[Editor’s note: Director Jeremy LaLonde’s podcast Black Hole Films is part of the That Shelf Podcast Network.]
It’s tough to admit how often we’re our own worst enemy. Whether it’s too much partying, unhealthy eating habits, or leaving important tasks until the last minute, it’s easy to be the agent of our own destruction. And making matters worse, until we are ready to embrace significant change in our lives, no amount of advice from the people around us can alter our behaviour. But what if your future self travelled back in time to tell you where you f*cked up? Would knowing how the future unfolds be a strong enough deterrent to affect our stubborn ways?
James vs. His Future Self, from co-writer/director Jeremy LaLonde, uses time travel to examine a man’s self-destructive tendencies. The film is a sci-fi dramedy about James (Jonas Chernick), a single-minded scientist who is obsessed with achieving time travel. If there is one thing capable of pulling him away from his work, it’s his co-worker, friend, and crush, Courtney (Cleopatra Coleman).
James doesn’t have it in him to act on his feelings for Courtney until his future self (Daniel Stern) shows up on the scene like the Ghost of Christmas Yet to Come. James tells James that he will unlock the mysteries of time travel, but it will cost him dearly. But despite this ominous knowledge, James isn’t willing to give up his obsession.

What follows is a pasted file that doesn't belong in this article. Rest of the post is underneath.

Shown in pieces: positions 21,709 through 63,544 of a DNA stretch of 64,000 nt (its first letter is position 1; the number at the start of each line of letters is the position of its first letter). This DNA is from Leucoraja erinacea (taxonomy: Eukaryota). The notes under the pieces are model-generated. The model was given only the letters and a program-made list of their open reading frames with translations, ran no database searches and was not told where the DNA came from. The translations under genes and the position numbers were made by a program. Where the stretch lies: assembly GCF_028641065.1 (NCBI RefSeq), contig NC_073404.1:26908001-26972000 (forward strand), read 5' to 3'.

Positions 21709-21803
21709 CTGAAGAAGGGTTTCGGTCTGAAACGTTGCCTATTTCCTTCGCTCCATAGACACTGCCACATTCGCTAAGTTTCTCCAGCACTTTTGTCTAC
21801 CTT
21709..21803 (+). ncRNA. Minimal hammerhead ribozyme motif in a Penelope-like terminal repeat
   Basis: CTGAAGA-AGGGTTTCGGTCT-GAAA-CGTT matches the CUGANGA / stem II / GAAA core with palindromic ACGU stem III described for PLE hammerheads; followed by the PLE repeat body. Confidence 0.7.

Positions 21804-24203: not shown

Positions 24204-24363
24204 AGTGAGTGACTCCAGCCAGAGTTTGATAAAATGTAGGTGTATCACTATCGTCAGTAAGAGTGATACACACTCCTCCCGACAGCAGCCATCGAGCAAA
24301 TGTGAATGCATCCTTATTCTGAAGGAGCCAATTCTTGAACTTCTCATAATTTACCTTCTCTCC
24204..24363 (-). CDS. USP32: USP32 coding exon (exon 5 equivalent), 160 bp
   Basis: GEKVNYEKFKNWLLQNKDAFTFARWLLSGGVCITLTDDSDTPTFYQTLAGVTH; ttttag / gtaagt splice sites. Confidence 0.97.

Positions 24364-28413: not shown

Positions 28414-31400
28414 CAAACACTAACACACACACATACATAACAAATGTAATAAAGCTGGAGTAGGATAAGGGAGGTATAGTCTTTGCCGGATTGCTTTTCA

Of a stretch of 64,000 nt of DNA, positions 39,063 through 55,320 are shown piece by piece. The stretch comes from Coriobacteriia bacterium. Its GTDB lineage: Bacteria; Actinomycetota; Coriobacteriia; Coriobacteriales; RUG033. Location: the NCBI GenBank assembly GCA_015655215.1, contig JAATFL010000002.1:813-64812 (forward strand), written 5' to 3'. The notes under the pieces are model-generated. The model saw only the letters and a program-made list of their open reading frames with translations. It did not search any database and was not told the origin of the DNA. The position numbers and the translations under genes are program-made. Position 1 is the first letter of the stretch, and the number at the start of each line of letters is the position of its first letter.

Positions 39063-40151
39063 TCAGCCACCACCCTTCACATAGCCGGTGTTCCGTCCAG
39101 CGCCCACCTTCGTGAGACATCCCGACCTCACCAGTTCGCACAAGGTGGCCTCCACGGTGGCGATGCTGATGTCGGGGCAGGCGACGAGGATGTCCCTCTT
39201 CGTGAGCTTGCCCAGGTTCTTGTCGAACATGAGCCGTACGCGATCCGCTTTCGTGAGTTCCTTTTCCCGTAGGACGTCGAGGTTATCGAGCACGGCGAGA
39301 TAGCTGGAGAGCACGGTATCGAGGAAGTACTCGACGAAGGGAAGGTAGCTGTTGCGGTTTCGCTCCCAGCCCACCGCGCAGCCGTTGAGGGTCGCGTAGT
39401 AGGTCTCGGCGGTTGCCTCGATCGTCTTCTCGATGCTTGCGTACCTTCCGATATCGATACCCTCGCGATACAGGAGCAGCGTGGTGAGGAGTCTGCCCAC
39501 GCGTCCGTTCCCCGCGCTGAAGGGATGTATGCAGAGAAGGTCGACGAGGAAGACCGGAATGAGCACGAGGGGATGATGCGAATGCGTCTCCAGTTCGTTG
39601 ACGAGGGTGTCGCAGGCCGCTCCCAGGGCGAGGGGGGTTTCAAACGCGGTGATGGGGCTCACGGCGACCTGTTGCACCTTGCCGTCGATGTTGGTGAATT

Fans of LaLonde’s work will feel right at home watching this film. James vs. features a compelling premise, slightly raunchy humour, and plenty of heart. Time travel movies are inherently screwy, and writers go mad trying to establish rules that don’t conflict with the plot’s logic. LaLonde does an excellent job grounding his sci-fi story, which focuses on strong characters and less on time travel mechanics. And excellent performances from Daniel Stern and Frances Conroy are an added bonus.
The 14th annual Toronto After Dark Film Festival runs from October 17th —25th at Scotiabank Theatre. For more information, click here.
Editor’s Note: Filmmaker Jeremy LaLonde’s podcast Black Hole Films is part of the That Shelf network.